What’s your favorite cupcake flavor?
The vanilla kind from Magnolia Bakery. The icing has to be, what?, 98% butter? You might as well hold a stick of land o’ lakes like a turkey leg and chomp on that. But then you’d look insane. That’s why you have to go to Magnolia. It’s the dainty way to satisfy the Paula Dean in you.
What or whom inspired you to pursue a career in comedy?
My parents were in the music business and my grandmothers on both sides of my family were painters, so my parents always encouraged me to make art. I loved sculpting, drawing and writing stories. I wrote a lot. I thought books with chapters were so “mature,” so I’d write, like, two sentences and call it a chapter. One of my “books” had 25 chapters and it was only 6 pages long.
If Chuck Norris were to corner you in an alley and challenge you to a duel, what would be your weapon of choice?
I’d throw my iced coffee in his face. I pretty much always have one in my hand. I’m armed and dangerous, people.
What are some challenges you’ve faced since going down the comedy track and what, in your experience, has made those obstacles worth overcoming?
I think I’m not good enough a lot of the time, so the biggest challenge I face is myself. It can be tough to silence those mean little self-doubt voices in your head, but you have to in order to be creatively productive. Reading books like If You Believe It You’ll See It by Wayne Dyer can help with positive thinking — as embarrassing as they are to read in public. You have to tell yourself you’re the shit even when it feels like a huge lie, otherwise you won’t get any work done and/or you’ll have a bad set on stage. Audiences can smell fear, but they can’t resist confidence.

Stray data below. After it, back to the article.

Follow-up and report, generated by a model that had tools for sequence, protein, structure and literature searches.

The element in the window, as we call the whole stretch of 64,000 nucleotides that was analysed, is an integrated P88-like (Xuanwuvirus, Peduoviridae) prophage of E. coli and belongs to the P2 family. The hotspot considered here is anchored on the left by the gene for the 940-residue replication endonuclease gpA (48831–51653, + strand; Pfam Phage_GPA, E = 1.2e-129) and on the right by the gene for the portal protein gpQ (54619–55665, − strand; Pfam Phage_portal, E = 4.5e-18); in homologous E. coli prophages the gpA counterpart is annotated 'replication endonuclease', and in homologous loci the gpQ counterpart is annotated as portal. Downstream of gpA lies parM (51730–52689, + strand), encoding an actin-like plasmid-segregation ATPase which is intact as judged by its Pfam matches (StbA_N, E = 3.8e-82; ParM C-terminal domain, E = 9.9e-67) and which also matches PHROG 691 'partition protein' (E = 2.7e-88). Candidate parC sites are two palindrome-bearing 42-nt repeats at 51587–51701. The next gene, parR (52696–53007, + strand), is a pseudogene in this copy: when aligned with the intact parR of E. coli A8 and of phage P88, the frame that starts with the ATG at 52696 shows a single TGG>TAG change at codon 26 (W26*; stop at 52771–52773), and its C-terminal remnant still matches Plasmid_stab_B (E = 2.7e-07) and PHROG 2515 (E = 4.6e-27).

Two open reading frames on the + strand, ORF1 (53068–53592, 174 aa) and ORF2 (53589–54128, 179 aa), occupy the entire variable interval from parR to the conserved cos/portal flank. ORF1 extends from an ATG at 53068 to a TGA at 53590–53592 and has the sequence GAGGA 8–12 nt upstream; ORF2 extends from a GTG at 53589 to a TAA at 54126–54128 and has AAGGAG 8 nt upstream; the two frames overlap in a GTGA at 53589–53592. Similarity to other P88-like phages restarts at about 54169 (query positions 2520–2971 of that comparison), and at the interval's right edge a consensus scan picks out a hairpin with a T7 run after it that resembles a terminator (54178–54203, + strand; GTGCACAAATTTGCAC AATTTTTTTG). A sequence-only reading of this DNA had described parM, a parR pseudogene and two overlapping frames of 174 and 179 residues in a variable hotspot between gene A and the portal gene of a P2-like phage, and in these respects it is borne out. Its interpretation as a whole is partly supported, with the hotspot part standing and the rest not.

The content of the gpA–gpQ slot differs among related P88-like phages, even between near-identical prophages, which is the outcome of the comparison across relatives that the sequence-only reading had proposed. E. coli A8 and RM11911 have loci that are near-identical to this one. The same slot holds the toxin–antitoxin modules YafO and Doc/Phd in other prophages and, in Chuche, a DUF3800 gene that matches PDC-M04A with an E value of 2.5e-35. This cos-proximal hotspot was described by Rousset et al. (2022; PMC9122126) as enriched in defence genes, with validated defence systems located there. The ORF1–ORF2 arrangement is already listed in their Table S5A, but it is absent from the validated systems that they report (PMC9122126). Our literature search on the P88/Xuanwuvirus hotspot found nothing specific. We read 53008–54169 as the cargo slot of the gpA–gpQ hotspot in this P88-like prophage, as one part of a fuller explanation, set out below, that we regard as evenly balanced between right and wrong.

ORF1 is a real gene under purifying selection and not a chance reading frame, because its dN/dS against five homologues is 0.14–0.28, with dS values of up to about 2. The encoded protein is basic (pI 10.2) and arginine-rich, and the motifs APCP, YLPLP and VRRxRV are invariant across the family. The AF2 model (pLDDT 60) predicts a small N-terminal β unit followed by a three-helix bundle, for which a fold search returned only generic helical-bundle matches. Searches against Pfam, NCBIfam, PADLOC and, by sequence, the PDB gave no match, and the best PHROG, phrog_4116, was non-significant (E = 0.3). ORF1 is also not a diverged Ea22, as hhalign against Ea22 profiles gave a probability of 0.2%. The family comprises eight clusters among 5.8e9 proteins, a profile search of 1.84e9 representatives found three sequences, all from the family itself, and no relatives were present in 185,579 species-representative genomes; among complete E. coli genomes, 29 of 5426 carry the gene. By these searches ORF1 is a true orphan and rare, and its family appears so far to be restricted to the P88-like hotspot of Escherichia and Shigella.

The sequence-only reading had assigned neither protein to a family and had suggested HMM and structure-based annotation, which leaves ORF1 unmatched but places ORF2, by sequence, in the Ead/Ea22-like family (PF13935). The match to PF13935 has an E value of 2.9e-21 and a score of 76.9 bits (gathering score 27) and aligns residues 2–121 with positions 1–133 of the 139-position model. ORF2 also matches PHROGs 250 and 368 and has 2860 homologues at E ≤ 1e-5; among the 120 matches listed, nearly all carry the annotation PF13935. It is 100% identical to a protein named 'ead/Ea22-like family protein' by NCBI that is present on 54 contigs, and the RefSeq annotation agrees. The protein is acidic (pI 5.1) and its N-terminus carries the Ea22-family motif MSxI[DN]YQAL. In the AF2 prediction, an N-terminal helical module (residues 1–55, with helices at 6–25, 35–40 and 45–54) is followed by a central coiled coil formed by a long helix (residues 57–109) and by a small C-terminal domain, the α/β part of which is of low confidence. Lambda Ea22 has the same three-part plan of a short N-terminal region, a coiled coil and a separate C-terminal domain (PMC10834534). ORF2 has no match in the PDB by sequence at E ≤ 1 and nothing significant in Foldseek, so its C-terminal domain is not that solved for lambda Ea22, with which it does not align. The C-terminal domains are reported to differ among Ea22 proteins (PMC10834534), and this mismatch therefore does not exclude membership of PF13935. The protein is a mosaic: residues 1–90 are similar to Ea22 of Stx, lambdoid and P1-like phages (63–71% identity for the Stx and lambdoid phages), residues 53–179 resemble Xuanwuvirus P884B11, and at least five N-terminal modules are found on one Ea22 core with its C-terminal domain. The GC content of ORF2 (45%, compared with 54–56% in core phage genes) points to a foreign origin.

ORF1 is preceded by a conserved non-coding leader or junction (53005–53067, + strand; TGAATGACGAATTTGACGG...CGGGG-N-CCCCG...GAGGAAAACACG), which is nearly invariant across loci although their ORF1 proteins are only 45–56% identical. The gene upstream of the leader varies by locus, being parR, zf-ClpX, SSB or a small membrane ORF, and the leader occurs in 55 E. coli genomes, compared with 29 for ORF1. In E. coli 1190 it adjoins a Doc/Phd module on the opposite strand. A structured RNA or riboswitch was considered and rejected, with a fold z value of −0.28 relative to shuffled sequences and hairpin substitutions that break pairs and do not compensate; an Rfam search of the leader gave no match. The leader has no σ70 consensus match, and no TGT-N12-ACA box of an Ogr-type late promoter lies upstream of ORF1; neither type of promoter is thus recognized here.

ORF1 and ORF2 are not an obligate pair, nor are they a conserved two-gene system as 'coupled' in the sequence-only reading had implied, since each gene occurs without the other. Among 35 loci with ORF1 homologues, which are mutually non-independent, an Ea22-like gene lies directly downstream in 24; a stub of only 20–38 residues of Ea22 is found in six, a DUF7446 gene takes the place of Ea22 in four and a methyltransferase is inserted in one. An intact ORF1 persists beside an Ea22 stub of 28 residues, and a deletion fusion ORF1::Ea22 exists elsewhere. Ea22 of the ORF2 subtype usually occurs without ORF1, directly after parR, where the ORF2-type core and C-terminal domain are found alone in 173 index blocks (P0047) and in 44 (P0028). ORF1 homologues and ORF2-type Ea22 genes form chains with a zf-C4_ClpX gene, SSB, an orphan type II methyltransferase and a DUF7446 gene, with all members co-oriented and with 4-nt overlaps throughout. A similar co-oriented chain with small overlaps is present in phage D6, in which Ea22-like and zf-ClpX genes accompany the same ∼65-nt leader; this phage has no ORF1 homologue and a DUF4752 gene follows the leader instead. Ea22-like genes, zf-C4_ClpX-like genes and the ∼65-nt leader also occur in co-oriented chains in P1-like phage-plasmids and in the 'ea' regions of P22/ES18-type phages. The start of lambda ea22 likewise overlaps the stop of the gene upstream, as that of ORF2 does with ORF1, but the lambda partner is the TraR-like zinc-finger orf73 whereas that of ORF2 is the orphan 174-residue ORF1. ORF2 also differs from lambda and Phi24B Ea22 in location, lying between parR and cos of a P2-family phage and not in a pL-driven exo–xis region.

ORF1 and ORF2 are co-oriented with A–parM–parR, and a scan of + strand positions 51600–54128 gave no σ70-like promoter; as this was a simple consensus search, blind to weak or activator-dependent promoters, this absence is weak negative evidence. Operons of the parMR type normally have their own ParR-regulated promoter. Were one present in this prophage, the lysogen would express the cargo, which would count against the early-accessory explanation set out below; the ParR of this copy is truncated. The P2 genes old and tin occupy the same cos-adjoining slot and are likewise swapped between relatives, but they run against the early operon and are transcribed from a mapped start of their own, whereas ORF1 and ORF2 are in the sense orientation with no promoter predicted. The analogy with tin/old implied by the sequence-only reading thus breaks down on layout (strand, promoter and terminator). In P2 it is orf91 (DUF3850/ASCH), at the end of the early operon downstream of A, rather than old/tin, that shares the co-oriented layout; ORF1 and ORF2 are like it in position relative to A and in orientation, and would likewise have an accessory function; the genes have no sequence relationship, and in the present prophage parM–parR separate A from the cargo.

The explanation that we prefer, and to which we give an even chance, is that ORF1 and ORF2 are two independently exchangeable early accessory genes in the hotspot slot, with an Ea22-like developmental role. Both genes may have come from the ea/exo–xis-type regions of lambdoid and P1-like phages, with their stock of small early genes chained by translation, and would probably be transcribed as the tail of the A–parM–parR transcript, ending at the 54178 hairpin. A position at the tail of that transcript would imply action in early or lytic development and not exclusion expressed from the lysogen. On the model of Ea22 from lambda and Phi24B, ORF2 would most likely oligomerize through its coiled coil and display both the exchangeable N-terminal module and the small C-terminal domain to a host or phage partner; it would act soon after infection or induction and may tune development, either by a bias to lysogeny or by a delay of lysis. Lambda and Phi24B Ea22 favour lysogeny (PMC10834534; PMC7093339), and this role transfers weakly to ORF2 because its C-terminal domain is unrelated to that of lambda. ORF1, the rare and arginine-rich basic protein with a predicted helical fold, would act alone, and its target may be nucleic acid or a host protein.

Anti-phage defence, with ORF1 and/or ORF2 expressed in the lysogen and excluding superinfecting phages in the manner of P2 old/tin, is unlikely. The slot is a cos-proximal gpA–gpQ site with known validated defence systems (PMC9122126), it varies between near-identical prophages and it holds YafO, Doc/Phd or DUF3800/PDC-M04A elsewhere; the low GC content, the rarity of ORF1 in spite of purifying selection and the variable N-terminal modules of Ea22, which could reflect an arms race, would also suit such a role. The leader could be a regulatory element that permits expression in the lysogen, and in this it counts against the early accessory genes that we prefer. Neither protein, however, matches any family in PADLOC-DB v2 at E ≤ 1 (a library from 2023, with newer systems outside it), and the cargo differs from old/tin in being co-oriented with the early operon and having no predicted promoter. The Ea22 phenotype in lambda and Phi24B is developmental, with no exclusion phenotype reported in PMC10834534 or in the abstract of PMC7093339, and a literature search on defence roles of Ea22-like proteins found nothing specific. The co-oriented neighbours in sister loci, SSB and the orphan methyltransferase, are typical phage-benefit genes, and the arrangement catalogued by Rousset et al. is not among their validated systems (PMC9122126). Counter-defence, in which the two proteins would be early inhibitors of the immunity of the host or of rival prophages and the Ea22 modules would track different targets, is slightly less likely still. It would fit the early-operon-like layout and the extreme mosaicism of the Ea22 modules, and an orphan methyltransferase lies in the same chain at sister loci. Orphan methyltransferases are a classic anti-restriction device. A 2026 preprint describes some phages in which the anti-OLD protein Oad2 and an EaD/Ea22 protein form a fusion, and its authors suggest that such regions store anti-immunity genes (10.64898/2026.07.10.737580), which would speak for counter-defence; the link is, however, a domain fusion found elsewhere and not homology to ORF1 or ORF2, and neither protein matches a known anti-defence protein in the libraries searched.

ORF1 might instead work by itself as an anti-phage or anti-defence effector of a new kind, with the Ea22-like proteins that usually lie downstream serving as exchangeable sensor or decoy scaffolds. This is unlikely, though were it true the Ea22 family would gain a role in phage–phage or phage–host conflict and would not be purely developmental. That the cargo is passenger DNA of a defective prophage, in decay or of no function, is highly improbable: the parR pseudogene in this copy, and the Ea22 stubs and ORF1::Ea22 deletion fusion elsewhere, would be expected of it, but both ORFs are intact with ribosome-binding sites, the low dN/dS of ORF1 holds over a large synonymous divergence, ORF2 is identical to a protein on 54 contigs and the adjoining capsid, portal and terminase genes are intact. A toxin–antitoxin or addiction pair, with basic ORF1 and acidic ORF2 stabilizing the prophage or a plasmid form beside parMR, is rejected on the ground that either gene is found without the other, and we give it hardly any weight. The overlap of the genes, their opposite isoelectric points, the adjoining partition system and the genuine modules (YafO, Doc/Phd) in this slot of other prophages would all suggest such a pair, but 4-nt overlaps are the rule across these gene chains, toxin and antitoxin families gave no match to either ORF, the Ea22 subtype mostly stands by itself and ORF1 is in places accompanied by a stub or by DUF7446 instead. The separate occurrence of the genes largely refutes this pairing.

What’s the funniest thing you’ve ever heard/seen?
One time I saw Rory Scovel perform at Housingworks Bookstore in Soho, but it wasn’t your typical rehearsed stand-up. He was just improvising — riffing on some book he found on the shelf about Christopher Columbus. It absolutely killed me. I’m still dead. #ghostinterview
Which comedienne, dead or alive, would you love to work with/meet?
I think Miss Piggy is hysterical. She’s the perfect mix of adorable, girly and bitchy. She’s kind of a j.a.p. Ha! She’s Jewish AND she’s a pig? A lot of jews don’t eat pork. Maybe that’s why! They respect Miss Piggy too much! Anyway, I’d love to pick Frank Oz’s brain. He created that gorgeous maniac. I’d also call up Roseanne and see if she’d like to join Frank and I.
You’ve appeared on VH1’s Greatest Songs of the 00s. So, what is your favorite song from the 00s?
Runaway by Kanye.
Where did the inspiration for “Kid Farm” come from?
From being obsessed with 19 Kids and Counting on TLC. The Duggars’ are all about having a perfect image, but I can tell they have a very repressed dark side. It’s intriguing to watch them attempt to mask that. C’mon, guys. Nobody’s THAT sweet and innocent. Human beings are twisted! It’s part of our nature.
Can you talk a little bit about your role in the upcoming Diablo Cody project?